Guest More than 1 year ago
Bach in this novel creates an easily indentifiable protagonist which is what makes the story the huge success that it is. The parallels between self expression and learning to fly are found throughout the piece and are what makes the book so intriguing. The religious undertones are vague enough to be interpreted in all religious sects and denominations. I would encourage any and everyone to delve into the spirits of flying and become young again with 'Johnny my homeboy'.
Guest More than 1 year ago
Many years ago, on the outskirts of New Delhi, in a samll village lived a little girl. The social world around her was ignorant, rigid and unkind with no room to grow. When she was six, two American Photojournalists came to her village to write a book about children. It was titled 'Bala Child of India.' In the book the heroine's little sister was too small to go with her to see the Republic Day parade where she could see the President of India, the decorated horses, the camels and the boys walking on the stilts. She was left behind crying. She loved the airplanes go by because they were her only connection to the outside world. She would look at them until they disapeared in to thin air, hoping that some day one of them will take her out of her village to a far away land. Now in her adolescent years, she was at another cross-road. Without the community's blessing she could not choose her profession, or her life mate. Just then someone had asked her to read 'Jonathan Livingston Seagull.' And fly she did one day! With the help of her parents, she gathered enough courage to fly away from the flock and seek excellence. She traveled the greatest distance -- from a tiny village in India, to New Haven, Connecticut where she was able to pursue her dreams. She had known all along that she was different from the flock... but Richard Bach gave her the wings! **I am mother of two now, and both of my kids have read, Jonathan Livingston Seagull!'
The_Beastlord_Slavedragon More than 1 year ago
This is the second book I remember from my days as an eggling. Yes Kukla it is I the Beastdragon come home to roost at the precipe of mortality. In any event, this book can be read and then re-read again with one's own children. The lesson is such that it calls for it. Like 'Old man and the Sea' Hemmingway, it is agless and can be undrestood lightly or on many levels right up to the urn and coffin. Ye shalt seek to find another fossilized molt of the Beastlord in the pages of this book.
Anonymous More than 1 year ago
Love this book. It is one of my favorites of all time. It is something you can read in an hour but can leave you thinking about it for years to come. Perfect book to bring to the beach!
Guest More than 1 year ago
Bach's parable is an interesting read. It is very representative of the outer body mentality of the 1960s and 70s. I found it to be inspirational and insightful. It was a very quick read yet it was packed full of deep thoughts and questions that are relevant to all ages.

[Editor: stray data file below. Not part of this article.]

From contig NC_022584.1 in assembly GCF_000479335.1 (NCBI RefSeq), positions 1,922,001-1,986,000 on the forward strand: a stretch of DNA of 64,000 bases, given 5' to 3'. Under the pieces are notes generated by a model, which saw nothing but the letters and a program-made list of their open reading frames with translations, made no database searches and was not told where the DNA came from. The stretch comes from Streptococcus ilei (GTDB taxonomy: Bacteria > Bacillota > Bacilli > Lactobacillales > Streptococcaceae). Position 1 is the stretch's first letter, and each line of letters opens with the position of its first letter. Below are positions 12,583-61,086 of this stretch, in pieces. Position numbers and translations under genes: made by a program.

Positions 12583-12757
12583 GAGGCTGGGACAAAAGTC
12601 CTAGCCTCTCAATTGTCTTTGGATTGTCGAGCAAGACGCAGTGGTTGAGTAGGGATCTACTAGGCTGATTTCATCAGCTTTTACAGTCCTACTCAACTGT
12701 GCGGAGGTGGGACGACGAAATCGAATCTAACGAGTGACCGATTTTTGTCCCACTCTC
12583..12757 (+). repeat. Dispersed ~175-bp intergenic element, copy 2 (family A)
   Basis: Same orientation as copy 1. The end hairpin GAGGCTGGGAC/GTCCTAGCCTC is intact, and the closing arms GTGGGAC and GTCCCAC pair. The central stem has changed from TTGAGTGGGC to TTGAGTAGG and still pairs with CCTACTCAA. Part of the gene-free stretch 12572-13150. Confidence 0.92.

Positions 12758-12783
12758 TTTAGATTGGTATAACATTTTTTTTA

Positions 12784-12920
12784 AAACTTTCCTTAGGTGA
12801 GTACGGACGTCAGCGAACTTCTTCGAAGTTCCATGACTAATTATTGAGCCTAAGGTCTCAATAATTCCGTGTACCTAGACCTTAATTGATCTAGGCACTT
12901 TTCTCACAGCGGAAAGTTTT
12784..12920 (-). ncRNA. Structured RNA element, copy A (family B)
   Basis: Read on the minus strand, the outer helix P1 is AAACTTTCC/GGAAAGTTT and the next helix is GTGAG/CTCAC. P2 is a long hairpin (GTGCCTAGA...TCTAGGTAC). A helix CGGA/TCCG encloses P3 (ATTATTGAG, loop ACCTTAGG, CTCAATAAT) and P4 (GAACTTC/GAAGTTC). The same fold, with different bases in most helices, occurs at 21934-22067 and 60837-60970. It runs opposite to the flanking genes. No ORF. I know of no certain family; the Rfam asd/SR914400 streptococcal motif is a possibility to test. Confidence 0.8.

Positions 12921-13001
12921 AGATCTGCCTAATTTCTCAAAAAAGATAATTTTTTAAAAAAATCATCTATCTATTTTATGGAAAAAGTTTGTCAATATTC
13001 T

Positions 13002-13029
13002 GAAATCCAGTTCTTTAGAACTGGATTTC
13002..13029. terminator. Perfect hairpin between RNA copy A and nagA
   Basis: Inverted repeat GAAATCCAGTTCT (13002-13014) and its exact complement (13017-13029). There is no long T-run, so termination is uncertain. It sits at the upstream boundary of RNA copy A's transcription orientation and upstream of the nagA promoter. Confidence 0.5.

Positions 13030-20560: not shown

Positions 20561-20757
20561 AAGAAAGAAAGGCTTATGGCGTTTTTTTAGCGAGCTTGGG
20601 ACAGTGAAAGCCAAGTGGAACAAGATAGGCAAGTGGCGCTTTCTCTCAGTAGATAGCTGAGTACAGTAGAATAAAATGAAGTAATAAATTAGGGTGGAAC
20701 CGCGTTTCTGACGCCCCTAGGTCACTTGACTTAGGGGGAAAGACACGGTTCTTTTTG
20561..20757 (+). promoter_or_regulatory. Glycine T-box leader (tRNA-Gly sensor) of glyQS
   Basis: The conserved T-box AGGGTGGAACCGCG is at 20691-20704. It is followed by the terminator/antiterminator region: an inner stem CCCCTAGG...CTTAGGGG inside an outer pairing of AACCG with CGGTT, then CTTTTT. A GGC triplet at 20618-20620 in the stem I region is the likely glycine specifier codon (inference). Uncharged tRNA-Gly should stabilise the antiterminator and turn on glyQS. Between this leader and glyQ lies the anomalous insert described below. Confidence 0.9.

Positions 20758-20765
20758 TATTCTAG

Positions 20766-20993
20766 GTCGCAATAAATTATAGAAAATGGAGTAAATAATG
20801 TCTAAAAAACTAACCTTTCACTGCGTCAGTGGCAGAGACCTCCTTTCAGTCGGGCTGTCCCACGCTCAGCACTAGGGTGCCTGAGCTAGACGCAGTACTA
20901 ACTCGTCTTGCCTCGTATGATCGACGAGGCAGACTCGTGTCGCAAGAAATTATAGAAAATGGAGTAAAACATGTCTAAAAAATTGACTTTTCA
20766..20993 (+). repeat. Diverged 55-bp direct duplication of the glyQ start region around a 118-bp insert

Guest More than 1 year ago
All I can say about this book is what it has done for me. I read this book when I was 11 years old (I am now 32) and it definitely changed my way of viewing the world, the afterlife, and why we are here and born to this earth. Jonathon Livingston Seagull is a philosophy, and, as simple as it is, it is very profound. To this day and as long as I live, I am still learning, I am still reading spiritual books, I can still read Jonathon and get something out of it and I still recommend it to people. That, I think says a lot for this book!
Guest More than 1 year ago
I picked up Jonathan Livingston Seagull on a whim, because it had something to do with a school project and because my sister suggested it. Little did I know the powerful book I held in my hands. I read this story in only thirty minutes, but it was enough time to change my life. The amazing imagery and allegories, depicted in such simple prose, create a book of beauty and inspiration. It resounds with clear, meaningful messages, about ignorance and heaven and freedom, and no doubt any reader can find a few messages of their own. I can hardly wait to read this book again and again and again. Jonathon Livingston Seagull shall remain a part of my spirit in the many days to come.
Guest More than 1 year ago
My mother claims I was 6! Not sure about that, but I distinctly recall the wonderment I felt, it was the first time ever that I'd been given a view of spirituality that was different than the ingrained fable of heaven and hell that I'd taken for granted in my young life. This book inspired me to keep searching for the meanings behind the words, to look for the POINT embedded in an old lesson. I read it many times up until my teen years, when the book was lost. I've recently gotten online, and one of the first things I did was to order 5 copies, a hardcover for me, and 4 paperbacks for others, one of whom is my 11 yr-old nephew. He gave it rave reviews, his eyes were bright, he said it was 'awesome!' I asked, 'Awesome in what way?' With his usual reserve, he said, 'All ways!'